All the ghostly, watery secrets Jenney amassed over the years are pretty rare—so much so that the diver used his firsthand knowledge to write nine books about wrecks and diving, including In Search of Shipwrecks. And he’s helped compile a shipwreck database for the Beavertail Lighthouse Museum in Jamestown.
The historic lighthouse complex, located on the arrow-shaped southern tip of Conanicut Island, includes the red-roofed keeper’s and assistant keeper’s houses, plus a striking, late-1800s square granite tower with a cast-iron top. It replaced the original 1749 light tower, which was damaged in the disastrous hurricane of 1938. In addition to its fourth-order Fresnel lens (that’s naval-speak for the enormous light that formerly sat at the top of the lighthouse), the Beavertail Museum presents artifacts, videos, touch-screen educational displays, and a variety of descriptive signage on wrecks around the state, many of which were based on Jenney’s original research.
The museum also has an exhibit devoted to the 1938 storm. Dubbed the “Long Island Express,” the hurricane came on without warning and whipped itself into a fury of 60-mile-per-hour winds that engulfed beaches and coastal communities in tidal waves 30 feet high. Boats were set adrift. Homes and businesses were smashed into toothpicks. Hundreds of people were lost.
“Every wreck has a different story.”
In the West Passage, a notoriously difficult and low-visibility place to dive in Narragansett Bay, the hurricane tore the top portion of the cast-iron Whale Rock Lighthouse from its foundation and swept it, and its lightkeeper, out to sea. The lower floor collapsed in on itself shortly after. Today, a crumbling foundation atop a hump-backed rock bears witness to the disaster.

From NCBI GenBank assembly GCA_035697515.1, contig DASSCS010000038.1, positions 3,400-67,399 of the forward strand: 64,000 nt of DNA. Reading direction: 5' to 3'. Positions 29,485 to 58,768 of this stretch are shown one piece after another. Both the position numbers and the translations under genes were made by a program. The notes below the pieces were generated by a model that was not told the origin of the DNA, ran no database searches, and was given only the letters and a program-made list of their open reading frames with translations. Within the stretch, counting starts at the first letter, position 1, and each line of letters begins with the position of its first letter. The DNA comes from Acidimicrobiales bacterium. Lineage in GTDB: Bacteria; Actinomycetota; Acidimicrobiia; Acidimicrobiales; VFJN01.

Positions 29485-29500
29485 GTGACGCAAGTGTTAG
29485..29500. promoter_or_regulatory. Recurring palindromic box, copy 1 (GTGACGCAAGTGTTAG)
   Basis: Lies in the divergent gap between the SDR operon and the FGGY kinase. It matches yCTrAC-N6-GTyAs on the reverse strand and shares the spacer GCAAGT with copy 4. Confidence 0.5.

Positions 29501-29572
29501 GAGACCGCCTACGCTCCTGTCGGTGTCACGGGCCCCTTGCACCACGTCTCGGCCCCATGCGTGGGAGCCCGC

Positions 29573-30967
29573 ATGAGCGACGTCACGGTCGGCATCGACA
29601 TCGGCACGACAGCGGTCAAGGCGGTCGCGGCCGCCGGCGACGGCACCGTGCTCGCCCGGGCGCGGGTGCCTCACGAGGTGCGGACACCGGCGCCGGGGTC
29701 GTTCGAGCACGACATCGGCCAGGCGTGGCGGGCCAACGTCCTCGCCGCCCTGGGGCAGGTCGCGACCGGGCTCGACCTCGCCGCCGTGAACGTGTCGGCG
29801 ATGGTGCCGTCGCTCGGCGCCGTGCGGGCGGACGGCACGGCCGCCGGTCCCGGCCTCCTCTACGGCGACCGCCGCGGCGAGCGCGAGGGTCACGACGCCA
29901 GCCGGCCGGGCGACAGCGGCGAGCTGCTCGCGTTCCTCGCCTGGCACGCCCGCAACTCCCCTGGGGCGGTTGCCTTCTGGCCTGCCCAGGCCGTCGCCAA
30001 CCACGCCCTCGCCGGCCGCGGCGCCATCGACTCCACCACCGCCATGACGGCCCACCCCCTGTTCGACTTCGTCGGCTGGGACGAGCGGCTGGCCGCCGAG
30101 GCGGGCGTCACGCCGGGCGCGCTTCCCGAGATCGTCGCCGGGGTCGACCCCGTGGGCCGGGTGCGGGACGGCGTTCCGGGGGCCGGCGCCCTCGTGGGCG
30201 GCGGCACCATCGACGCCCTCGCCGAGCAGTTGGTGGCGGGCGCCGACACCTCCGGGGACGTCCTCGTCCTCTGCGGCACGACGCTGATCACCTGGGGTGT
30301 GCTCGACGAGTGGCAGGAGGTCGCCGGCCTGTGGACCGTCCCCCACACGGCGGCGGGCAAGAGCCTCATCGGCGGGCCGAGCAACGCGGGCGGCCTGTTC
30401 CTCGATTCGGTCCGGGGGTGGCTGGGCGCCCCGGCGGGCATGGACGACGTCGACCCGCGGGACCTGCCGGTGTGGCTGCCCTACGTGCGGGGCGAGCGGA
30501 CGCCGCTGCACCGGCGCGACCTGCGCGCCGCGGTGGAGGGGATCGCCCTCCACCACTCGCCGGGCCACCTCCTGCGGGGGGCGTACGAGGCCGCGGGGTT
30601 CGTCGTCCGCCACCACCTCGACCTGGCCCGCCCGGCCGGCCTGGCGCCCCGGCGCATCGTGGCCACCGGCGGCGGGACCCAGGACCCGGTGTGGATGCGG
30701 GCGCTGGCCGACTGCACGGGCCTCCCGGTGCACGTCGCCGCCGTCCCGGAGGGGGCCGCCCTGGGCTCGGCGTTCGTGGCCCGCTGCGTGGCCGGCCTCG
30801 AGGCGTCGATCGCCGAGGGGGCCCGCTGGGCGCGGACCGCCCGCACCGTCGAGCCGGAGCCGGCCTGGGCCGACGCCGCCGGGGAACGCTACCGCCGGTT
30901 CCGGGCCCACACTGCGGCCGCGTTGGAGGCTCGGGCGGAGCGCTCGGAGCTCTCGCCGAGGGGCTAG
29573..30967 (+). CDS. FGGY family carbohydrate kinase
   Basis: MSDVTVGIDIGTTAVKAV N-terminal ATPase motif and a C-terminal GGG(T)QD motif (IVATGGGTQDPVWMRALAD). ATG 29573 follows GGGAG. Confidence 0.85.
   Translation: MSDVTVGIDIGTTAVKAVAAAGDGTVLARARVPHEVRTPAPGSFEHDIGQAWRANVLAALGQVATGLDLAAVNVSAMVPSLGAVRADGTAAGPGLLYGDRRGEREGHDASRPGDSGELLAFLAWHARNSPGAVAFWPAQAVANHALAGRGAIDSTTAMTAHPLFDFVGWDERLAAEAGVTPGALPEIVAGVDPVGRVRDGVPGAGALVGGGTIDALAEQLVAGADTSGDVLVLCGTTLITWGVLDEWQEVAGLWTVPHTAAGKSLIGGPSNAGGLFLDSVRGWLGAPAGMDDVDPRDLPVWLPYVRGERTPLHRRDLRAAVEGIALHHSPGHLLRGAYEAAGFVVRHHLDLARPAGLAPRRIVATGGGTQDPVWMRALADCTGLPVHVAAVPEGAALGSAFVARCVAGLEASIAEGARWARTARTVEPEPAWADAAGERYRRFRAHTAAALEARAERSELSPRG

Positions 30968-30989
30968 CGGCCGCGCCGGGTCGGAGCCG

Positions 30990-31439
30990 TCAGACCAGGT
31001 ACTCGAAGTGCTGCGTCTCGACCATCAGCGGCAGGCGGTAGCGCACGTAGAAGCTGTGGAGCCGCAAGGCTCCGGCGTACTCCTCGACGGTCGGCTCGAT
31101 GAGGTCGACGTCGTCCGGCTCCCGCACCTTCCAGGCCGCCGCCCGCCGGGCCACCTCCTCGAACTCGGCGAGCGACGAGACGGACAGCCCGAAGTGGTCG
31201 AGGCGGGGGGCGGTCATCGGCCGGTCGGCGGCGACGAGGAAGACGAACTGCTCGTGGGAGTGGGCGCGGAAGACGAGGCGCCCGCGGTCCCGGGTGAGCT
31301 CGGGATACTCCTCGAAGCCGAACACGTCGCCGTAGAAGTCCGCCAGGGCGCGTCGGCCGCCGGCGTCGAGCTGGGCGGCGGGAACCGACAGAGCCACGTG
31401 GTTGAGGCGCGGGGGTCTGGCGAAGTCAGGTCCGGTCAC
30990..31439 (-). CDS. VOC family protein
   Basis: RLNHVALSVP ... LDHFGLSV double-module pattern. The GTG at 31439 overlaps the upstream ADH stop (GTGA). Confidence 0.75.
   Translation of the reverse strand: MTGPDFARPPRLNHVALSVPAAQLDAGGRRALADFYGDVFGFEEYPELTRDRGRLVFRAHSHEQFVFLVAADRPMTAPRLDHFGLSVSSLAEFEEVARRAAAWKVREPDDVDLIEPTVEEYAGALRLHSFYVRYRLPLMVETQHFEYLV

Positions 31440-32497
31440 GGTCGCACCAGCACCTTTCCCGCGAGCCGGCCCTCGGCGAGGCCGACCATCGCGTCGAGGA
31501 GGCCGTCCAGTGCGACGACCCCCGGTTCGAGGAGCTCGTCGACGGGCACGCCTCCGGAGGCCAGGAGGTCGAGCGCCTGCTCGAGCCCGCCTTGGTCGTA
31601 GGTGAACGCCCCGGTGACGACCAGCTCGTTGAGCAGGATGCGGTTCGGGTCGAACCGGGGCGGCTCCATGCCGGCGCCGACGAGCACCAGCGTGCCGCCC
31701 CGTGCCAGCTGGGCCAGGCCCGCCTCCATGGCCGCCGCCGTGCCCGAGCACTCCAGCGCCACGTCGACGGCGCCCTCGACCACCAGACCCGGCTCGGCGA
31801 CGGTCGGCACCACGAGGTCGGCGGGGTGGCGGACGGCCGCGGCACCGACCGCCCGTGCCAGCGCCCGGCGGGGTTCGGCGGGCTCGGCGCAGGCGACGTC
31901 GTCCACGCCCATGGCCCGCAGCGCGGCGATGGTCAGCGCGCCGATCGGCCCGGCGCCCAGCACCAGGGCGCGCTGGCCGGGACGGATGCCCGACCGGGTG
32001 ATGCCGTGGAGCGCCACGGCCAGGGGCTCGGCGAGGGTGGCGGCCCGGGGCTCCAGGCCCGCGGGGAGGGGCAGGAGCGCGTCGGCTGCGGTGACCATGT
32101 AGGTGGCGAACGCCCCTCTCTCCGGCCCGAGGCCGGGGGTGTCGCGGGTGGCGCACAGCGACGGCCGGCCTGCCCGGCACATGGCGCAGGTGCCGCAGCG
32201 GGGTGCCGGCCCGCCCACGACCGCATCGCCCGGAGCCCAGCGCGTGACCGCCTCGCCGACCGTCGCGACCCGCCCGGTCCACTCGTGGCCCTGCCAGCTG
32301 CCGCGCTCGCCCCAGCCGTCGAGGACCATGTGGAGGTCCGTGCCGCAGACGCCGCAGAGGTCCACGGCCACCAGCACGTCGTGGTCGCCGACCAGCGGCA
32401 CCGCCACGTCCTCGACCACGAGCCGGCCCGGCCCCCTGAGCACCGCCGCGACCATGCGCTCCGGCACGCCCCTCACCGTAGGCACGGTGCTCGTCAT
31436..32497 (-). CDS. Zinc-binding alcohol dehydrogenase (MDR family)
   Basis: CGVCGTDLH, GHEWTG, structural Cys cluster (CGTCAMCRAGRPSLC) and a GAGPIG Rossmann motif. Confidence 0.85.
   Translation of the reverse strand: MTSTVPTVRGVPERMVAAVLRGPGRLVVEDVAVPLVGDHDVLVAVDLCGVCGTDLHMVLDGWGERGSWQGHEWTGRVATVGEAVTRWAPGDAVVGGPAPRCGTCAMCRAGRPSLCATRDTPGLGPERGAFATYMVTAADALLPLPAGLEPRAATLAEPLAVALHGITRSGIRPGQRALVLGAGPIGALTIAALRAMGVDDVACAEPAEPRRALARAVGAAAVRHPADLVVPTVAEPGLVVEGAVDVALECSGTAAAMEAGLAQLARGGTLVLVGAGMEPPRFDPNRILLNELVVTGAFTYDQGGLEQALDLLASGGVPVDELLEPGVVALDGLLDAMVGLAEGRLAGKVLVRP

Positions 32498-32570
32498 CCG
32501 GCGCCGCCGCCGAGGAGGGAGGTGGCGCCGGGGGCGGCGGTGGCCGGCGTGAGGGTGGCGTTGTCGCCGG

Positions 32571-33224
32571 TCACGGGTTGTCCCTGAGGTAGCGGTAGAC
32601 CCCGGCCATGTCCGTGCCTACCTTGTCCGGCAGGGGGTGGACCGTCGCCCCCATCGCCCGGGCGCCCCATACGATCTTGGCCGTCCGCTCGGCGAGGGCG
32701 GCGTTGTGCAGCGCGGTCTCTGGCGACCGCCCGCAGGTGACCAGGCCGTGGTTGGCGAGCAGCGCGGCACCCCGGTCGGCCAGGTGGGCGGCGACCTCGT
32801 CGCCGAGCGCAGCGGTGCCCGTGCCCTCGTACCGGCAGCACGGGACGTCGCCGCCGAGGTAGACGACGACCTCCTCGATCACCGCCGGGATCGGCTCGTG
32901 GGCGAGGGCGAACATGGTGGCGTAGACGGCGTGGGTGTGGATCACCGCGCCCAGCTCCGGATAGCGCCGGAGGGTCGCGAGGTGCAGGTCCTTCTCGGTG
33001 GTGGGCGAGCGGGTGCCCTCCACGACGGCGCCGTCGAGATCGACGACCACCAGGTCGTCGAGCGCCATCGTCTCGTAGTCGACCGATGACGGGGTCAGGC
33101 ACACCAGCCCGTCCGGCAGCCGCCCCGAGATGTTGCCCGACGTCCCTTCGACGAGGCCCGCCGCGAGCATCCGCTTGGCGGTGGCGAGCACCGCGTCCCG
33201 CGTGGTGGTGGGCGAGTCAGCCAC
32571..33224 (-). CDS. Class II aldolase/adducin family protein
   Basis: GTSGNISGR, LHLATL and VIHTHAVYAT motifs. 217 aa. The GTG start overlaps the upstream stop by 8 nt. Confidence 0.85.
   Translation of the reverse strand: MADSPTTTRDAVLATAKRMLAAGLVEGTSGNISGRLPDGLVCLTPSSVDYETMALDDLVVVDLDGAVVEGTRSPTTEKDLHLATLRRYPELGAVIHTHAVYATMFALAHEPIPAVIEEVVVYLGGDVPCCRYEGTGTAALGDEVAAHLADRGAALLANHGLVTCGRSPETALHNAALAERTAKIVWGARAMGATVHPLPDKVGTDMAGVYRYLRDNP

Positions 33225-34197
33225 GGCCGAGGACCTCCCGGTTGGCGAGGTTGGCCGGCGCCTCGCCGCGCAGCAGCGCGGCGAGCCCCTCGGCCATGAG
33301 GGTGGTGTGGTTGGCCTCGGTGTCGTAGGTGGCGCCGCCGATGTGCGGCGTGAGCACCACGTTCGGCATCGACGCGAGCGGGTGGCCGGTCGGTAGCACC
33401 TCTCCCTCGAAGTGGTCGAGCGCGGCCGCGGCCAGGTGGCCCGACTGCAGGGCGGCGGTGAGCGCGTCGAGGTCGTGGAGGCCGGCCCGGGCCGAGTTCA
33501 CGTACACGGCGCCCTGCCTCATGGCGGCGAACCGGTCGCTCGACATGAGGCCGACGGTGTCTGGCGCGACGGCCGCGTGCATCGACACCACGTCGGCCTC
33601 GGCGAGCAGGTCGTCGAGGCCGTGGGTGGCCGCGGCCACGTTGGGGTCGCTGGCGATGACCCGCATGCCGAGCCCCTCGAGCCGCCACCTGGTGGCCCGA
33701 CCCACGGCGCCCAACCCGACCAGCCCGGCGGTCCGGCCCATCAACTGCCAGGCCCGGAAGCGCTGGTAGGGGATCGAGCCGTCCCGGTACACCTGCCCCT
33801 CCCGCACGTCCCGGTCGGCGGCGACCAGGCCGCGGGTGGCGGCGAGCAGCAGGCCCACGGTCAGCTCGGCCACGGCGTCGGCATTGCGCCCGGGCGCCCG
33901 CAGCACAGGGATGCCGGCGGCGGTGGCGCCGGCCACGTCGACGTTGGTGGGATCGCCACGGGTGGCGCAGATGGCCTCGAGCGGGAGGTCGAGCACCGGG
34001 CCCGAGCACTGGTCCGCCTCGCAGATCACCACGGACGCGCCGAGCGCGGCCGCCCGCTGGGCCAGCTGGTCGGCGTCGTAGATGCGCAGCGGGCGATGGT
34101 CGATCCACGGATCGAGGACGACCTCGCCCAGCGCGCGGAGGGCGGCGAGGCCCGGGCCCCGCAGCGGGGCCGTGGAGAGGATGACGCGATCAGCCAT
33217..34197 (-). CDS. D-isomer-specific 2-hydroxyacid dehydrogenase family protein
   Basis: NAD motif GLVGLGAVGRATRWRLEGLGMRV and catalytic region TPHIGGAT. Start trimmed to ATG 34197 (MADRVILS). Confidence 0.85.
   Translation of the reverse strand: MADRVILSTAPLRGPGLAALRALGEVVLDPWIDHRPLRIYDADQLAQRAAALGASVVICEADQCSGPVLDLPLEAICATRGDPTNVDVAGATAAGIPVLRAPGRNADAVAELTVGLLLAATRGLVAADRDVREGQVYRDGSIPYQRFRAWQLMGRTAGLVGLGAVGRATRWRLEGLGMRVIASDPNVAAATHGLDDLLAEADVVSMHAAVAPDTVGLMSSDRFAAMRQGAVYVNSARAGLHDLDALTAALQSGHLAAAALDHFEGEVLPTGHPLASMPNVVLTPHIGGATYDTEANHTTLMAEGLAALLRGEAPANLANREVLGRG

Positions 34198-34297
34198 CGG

The wind and currents move in opposite directions in this area, creating what sailors and divers call a confused sea. This treacherous stretch has claimed hundreds of vessels, including the early 1800s schooner Providence Journal and an unnamed circa-2000 barge, both of which capsized and sank in the bay.
These and other ill-fated ships have been captured in Jenney’s extensive database of 3,400 wrecks, found at the museum and online—the most comprehensive listing of maritime events in Rhode Island waters from the Colonial era to today.
“To this day I cannot say there is any place I would rather be than underwater.”
Some seven decades into his wreck-diving career, Jenney is still motivated to uncover the story behind the haunting majesty of a sunken ship. “Every wreck has a different story. That’s what got me hooked on maritime history, 24/7, 365 days a year. It’s been my life’s work.”
Of his hometown, Jenney says, “The best place for scuba near Jamestown, particularly if you’re interested in wrecks, is around Beavertail.” Because competition with fishermen here can be problematic, he also recommends heading toward Newton Rock, about a quarter mile off the coast of Jamestown. Beyond that, Jenney names the area around nearby Block Island, which has better visibility, as his favorite for Rhode Island diving.
After seven decades spent in and around the sea, Jenney still hasn’t gotten his fill. “To this day I cannot say there is any place I would rather be than underwater,” he says. “Scuba diving in Rhode Island is one of the greatest pleasures anyone could experience.”